A Big, Brainy Bash on the Bay

2014 edi­tion of Car­toons on the Bay el­e­vated it­self with out­stand­ing pro­gram­ming in an idyl­lic set­ting. By Jean M. Thoren.

Animation Magazine - - International -

al­ism of this rel­a­tive new­comer on the Ital­ian multimedia scene.

Round­ing out the Ital­ian por­tion of the pro­gram was Luca Mi­lano, vice di­rec­tor of Rai Fic­tion, who pre­sented an am­bi­tious slate of pro­duc­tion for Rai Car­toons, in co­op­er­a­tion with ma­jor Ital­ian pro­duc­tion com­pa­nies and an­i­ma­tion stu­dios.

Adding an­other feather to the cap of CEO Pierre Siss­mann and his tal­ented team, Cy­ber Group Stu­dios from France was awarded In­ter­na­tional Stu­dio of the Year. This nine-yearold stu­dio has built a cat­a­log of pro­grams with more than a thou­sand hours of glob­ally dis­trib­uted pro­grams for the youth and fam­ily mar­ket. Cy­ber Group is cur­rently at work on the TV se­ries Zorro: The Chron­i­cles, fea­tured in this is­sue of An­i­ma­tion Mag­a­zine.

On the tech­ni­cal front, Toon Boom An­i­ma­tion’s Deside­ria Mas­tri­aco and Fed­erico Val­lar­ino teamed with Omar Fer­reri of Clar­ity In­ter­a­tional and founder of Cap­puc­cino Apps to demon­strate how Har­mony caters to an­i­ma­tors re­gard­less of style or plat­form and suc­cess­fully in­te­grates with pop­u­lar game en­gines.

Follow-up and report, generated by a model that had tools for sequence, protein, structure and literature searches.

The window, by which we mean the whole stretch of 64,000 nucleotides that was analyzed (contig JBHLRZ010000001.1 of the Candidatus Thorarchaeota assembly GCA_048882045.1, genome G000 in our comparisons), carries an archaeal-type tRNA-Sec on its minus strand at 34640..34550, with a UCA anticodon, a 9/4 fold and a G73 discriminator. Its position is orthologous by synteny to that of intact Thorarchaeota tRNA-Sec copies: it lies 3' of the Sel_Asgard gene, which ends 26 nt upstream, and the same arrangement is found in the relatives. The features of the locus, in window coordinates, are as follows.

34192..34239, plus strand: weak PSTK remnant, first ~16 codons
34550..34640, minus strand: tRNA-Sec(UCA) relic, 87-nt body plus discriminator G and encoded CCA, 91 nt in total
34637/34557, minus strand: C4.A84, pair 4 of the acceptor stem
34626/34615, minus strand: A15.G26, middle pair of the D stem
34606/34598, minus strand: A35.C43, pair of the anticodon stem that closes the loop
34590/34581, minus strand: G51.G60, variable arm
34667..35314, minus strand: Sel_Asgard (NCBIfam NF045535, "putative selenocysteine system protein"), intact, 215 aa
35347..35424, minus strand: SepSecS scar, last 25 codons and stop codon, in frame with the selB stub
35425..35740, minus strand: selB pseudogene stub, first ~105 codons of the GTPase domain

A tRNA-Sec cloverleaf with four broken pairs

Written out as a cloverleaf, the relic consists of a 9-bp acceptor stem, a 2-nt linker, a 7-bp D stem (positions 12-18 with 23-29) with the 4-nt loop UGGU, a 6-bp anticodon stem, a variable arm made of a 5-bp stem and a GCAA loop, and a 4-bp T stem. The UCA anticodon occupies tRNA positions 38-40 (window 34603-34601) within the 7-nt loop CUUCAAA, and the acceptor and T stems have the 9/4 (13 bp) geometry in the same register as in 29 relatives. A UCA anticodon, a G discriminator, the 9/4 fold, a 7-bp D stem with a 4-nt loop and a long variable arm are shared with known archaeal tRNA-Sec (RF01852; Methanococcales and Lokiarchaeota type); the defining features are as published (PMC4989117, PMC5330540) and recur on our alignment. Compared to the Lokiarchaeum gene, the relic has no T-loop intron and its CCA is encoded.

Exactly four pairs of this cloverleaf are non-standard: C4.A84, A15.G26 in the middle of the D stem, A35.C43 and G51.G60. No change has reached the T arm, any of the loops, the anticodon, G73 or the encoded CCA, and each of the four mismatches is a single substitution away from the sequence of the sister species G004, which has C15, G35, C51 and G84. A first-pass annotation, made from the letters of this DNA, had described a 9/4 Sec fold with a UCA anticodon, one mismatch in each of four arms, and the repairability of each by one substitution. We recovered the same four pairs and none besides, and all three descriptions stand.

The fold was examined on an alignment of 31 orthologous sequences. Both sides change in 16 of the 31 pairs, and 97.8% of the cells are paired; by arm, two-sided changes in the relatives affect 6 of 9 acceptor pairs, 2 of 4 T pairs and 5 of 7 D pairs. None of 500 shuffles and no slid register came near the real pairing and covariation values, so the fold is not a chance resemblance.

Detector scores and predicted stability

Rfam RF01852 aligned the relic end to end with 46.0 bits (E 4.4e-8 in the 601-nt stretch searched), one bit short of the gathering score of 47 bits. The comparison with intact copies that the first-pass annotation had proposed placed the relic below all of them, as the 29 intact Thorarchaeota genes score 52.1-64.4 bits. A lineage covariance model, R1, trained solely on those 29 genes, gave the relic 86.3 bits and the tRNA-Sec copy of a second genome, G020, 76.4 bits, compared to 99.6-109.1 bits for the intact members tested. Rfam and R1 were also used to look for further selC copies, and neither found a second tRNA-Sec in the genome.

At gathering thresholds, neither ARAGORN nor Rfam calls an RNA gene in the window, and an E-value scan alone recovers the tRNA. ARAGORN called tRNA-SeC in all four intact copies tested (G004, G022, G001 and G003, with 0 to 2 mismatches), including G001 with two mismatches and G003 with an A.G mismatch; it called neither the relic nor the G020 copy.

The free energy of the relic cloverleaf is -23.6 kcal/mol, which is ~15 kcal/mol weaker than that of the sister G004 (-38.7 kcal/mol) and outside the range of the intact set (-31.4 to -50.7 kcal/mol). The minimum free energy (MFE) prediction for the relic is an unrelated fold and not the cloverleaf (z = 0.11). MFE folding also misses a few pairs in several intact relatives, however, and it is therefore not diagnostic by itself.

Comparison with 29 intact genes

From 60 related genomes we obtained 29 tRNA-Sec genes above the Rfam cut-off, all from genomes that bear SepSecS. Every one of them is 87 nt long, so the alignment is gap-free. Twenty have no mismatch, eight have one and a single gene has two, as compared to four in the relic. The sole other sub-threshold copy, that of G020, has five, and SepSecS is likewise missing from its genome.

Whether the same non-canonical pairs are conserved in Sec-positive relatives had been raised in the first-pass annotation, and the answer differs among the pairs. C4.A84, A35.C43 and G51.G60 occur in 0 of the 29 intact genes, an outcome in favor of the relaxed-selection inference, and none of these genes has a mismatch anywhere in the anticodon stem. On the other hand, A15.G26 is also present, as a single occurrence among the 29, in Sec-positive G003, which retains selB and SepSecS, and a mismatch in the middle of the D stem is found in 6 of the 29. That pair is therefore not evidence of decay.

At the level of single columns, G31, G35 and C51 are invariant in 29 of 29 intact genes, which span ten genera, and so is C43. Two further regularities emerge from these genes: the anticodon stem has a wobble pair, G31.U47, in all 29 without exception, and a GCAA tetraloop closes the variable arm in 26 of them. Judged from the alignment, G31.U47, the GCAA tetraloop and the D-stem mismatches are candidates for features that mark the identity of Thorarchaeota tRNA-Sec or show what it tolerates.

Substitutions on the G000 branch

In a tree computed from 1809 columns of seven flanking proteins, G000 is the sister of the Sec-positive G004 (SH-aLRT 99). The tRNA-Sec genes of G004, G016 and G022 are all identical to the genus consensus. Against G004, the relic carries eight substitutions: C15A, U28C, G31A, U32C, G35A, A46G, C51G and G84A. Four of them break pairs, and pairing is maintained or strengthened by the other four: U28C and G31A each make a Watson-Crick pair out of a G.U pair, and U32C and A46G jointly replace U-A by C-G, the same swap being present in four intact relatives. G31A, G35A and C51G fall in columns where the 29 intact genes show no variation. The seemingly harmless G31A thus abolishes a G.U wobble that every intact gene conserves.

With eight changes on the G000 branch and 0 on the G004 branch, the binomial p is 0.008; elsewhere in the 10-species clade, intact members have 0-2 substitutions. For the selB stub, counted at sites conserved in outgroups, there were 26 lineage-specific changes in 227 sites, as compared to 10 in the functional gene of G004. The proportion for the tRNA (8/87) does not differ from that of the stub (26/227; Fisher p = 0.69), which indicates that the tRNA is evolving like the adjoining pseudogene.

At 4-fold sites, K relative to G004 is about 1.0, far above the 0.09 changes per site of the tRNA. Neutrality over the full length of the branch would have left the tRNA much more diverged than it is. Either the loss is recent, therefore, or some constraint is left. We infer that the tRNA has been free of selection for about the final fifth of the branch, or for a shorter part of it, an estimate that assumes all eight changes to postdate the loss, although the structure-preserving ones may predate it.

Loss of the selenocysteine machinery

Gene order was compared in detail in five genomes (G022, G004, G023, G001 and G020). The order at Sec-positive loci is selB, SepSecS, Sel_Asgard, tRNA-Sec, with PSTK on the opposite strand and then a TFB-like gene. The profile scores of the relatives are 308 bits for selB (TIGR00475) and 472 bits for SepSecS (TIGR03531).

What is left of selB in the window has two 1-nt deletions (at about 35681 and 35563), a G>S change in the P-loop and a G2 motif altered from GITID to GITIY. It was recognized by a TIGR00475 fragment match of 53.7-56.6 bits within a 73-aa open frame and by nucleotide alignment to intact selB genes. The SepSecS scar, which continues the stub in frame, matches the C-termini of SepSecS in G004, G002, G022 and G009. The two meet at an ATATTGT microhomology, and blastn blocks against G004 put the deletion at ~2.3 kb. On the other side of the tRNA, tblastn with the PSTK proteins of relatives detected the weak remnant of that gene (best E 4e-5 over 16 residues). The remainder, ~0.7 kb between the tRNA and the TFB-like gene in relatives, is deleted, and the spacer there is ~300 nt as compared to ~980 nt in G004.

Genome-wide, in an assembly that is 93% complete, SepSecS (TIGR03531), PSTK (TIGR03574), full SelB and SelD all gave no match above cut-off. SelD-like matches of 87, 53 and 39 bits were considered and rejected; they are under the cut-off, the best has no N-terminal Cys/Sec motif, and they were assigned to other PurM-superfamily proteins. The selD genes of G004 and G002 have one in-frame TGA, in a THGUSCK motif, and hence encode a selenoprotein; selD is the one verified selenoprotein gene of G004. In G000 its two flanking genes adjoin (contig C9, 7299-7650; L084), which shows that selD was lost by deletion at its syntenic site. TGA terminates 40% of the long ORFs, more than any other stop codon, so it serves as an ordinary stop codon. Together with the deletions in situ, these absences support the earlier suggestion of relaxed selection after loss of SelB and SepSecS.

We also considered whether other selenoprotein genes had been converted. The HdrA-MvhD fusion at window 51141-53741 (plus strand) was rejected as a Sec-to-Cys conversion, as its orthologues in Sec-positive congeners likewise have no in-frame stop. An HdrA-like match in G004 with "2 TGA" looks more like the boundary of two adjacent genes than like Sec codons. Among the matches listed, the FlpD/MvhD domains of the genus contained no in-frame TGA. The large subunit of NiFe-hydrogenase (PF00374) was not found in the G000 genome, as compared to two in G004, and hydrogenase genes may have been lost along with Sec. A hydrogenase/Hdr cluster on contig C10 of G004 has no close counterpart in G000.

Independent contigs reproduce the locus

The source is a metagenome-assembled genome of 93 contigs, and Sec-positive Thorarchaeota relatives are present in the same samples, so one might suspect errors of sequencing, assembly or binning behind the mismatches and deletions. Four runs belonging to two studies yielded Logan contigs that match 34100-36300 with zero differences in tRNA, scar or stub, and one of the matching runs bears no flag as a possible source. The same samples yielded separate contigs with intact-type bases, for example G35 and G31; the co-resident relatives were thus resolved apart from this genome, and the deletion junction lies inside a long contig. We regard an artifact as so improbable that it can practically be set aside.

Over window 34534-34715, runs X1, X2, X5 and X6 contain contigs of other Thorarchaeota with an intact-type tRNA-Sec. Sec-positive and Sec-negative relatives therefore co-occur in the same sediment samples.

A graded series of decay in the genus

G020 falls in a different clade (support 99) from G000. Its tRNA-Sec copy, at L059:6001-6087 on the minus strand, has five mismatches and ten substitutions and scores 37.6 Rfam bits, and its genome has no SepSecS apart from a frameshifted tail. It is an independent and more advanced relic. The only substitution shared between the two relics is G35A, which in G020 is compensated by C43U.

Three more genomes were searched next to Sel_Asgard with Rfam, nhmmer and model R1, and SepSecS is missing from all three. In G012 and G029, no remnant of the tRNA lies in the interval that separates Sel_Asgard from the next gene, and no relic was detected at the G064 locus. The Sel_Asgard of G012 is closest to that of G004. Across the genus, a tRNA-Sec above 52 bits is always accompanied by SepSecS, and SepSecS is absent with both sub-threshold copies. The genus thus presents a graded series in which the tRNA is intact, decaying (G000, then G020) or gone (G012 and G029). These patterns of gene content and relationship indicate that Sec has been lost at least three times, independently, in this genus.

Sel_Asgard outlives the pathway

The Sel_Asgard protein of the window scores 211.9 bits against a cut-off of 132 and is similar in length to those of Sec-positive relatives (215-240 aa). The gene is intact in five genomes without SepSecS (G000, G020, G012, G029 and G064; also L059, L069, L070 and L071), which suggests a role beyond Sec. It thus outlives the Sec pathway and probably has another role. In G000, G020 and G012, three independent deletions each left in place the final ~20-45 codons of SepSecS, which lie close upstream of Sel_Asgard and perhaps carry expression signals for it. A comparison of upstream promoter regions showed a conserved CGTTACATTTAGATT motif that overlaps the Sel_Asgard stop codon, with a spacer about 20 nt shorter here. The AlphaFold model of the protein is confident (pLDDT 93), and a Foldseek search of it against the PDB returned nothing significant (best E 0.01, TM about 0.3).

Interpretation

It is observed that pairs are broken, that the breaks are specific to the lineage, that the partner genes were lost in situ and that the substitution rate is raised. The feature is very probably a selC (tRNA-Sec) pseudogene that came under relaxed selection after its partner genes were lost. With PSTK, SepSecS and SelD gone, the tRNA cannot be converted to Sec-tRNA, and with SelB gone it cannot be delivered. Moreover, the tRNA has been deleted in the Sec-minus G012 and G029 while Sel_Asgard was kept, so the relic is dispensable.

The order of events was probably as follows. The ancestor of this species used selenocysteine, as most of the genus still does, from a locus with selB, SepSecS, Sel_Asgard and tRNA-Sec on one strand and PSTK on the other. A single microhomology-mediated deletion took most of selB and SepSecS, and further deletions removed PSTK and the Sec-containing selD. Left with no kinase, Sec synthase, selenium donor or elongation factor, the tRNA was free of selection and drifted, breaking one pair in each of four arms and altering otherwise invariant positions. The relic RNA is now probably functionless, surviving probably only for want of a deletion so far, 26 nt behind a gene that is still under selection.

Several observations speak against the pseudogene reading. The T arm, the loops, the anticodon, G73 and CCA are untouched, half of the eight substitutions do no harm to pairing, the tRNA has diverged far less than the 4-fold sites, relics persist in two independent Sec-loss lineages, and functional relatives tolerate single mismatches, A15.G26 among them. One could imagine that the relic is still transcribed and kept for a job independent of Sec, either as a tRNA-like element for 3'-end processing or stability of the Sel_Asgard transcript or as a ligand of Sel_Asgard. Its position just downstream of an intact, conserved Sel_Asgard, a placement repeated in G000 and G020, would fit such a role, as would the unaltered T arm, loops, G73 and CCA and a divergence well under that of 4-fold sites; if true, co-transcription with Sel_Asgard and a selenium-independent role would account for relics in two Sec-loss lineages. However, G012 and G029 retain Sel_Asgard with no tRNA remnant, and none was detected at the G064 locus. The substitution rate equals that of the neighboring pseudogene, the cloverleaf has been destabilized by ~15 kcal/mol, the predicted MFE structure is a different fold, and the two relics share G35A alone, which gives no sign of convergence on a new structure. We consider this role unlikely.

Toon Boom spon­sored Car­toons on the Bay’s Pitch Me! award this year. First prize went to Ele­menti Esper­i­menti, by Sinne Mut­saers and Marco Bonini. Sec­ond place was awarded to Blanco, by Marco Farace and Benedetto Sicca, and Power Nando - An Ital­ian su­per­hero in Moscow, by Lorenzo Gar­buglia placed third.

The three win­ning projects will re­ceive a prize of a li­cense for Toon Boom Sto­ry­board Pro and Toon Boom Har­mony. The win­ner in the first place will have the op­por­tu­nity to make a teaser an­i­mated video in col­lab­o­ra­tion with Direc­t2Brain.